Three Moral Issues of Health Care

On a personal, national, and global level, the physical well-being of all God’s children is close to God’s heart and should be close to ours as well. Scripture says that death, disease, and pain did not exist in the Garden of Eden, and Revelation tells of a “new heaven and new earth,” where once again they will not exist. Perfect health will never be achieved and physical death on this earth will never be overcome, but the scriptures paint a clear picture that health and wholeness were God’s intent from the beginning and will be again in the end.

But we live in a fallen world where injury and sickness are a fact of life. Every year in our country there are about 119 million emergency room visits, 902 million visits to doctors, and about 3.5 billion prescriptions filled.

There is not a religiously mandated or God-ordained system of health care or insurance. Luke might have been a physician, but he never commented on whether computerizing medical records should be a national priority. You won’t find in the Bible policy conclusions about health-care savings accounts, personal versus employer-provided insurance, single payer public systems, or private insurance plans.

But these policy questions are of vital importance and will be debated and discussed at the White House, in Congress, in the media, and, I hope, in our churches. With an issue like health, deeply personal but of great public concern, the faith community has a unique and important role to play—to define and raise the moral issues beneath the policy debate. There will be a lot of heat—maybe even a few fires—in the weeds of the policy, and the faith community has the opportunity to remind our political leaders about why these issues speak to our values.

We should focus on three fundamental moral issues:

THE TRUTH. For decades, the physical health and well-being of our country has been a proxy battle for partisan politics. When President Truman tried to pass a national health insurance plan, the American Medical Association spent $200 million (in today’s dollars) to oppose the legislation and was accused of violating ethics rules by having doctors lobby their patients. In the 1970s, when President Nixon tried to pass a plan strikingly similar to what many Democrats are proposing today, it was defeated by liberal Democrats and unions who thought they would be able to pass something themselves after the midterm elections and claim the political credit. In the 1990s, the “Harry and Louise” ads misrepresented President Clinton’s plan, but were successful enough to shut down that movement for reform.

Now, once again, industry interests and partisan fighting are threatening the opportunity for a public dialogue about what is best for our health-care system. What we need is an honest and fair debate with good information, not sabotage of reform by half-truths and misinformation.

FULL ACCESS. Quality and affordable full access is a fundamental value. About 46 million people in our country are uninsured and many more are without adequate coverage for their medical needs. Many of them are in working families who live in fear of getting sick or injured. Some delay seeking medical attention at the risk of their own health or use emergency room services instead of primary care physicians. An estimated 18,000 people a year, many in low-income families, die unnecessarily because they lack basic health insurance. As a father, I know how important the health and well-being of my family is to me—and is to every parent. Seeing your child sick is a horrible feeling; seeing your child sick and not having the resources to do something about it is a societal sin.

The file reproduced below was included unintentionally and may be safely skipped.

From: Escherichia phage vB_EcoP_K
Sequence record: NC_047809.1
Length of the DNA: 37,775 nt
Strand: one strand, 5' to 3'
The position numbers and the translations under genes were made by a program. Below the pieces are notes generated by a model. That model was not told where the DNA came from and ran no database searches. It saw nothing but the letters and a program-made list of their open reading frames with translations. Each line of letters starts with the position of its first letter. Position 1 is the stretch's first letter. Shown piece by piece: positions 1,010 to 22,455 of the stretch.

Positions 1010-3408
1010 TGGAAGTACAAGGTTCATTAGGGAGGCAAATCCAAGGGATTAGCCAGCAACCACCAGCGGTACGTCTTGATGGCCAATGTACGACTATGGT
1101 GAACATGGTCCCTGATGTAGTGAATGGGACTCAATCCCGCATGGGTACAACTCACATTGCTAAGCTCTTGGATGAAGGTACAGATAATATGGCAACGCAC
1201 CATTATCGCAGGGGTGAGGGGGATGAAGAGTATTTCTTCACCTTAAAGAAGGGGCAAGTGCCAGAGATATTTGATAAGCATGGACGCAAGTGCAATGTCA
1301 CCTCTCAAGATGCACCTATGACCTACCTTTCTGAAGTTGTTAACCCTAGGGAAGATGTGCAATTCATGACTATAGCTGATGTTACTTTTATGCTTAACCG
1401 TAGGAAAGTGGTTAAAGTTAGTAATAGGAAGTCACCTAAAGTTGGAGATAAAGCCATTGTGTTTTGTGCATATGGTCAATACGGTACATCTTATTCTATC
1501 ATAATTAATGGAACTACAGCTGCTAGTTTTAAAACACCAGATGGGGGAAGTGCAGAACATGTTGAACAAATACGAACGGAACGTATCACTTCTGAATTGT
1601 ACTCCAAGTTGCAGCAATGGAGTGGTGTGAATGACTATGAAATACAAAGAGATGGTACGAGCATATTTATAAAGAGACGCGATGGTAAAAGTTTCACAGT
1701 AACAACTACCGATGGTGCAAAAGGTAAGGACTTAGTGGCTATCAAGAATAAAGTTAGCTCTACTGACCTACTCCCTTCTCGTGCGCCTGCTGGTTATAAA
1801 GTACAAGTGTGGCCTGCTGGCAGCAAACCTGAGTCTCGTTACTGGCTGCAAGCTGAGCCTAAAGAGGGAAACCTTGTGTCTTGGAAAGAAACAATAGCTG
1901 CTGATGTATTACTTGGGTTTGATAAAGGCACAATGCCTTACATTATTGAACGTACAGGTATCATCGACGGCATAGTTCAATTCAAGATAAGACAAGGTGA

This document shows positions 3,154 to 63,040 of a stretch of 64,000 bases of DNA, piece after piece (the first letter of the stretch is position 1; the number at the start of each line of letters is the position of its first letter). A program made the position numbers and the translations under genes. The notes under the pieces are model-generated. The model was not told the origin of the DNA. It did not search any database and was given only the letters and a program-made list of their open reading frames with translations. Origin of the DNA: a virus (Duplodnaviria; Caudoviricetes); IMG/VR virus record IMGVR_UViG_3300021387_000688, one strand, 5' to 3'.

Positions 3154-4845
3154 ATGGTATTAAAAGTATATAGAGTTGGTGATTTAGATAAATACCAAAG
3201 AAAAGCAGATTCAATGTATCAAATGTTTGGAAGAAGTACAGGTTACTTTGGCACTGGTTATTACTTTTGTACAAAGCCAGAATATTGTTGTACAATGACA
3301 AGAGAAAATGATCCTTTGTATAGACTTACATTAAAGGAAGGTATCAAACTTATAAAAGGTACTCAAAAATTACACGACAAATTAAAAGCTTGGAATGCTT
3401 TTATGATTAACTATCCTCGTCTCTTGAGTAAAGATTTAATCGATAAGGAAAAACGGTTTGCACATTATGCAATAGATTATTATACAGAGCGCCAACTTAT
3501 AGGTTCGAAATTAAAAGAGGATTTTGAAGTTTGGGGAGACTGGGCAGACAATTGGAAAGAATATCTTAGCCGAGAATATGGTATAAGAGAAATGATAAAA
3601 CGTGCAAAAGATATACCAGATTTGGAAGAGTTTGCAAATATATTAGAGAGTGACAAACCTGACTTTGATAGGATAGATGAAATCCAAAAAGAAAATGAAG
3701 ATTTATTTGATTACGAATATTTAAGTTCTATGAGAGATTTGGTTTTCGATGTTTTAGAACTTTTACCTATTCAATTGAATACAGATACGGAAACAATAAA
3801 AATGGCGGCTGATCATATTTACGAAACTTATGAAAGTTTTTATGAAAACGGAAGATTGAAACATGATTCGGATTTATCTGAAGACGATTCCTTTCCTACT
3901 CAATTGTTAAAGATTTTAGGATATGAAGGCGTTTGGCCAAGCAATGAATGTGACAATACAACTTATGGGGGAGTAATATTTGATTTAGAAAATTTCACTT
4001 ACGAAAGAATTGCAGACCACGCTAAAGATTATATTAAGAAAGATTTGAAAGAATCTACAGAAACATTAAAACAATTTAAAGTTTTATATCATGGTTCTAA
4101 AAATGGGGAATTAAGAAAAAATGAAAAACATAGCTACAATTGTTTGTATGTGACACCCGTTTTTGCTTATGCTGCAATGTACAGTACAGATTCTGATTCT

COST. An estimated 60 percent of bankruptcies this year will be due to medical bills. Of those declaring bankruptcy as a result of medical bills, 75 percent have health insurance. The extreme cost of medical care stems from varied sources. Some comes from malpractice lawsuits, some from insurance companies with high overhead and entire divisions of employees hired to find ways to deny benefits. Some people who thought they were insured have found out that their benefits were terminated retroactively because the insurer decided there was a pre-existing condition. In the end, some are paying too much for care and others are making too much in the current system.

There is a lot of money, to say the least, wrapped up in health care. The faith community must lift up the concerns of those who have no lobbyists on Capitol Hill or PR firms with slick advertising campaigns promoting their interests. We have the opportunity to speak for the interests of the common good and those who would not otherwise have a voice. I am sure that every one of the 18,000 preventable deaths that will happen this year due to a lack of basic health insurance breaks the heart of God. And it should break ours, too, because healing is at the very heart of the Christian vocation.

Jim Wallis is editor-in-chief of Sojourners.

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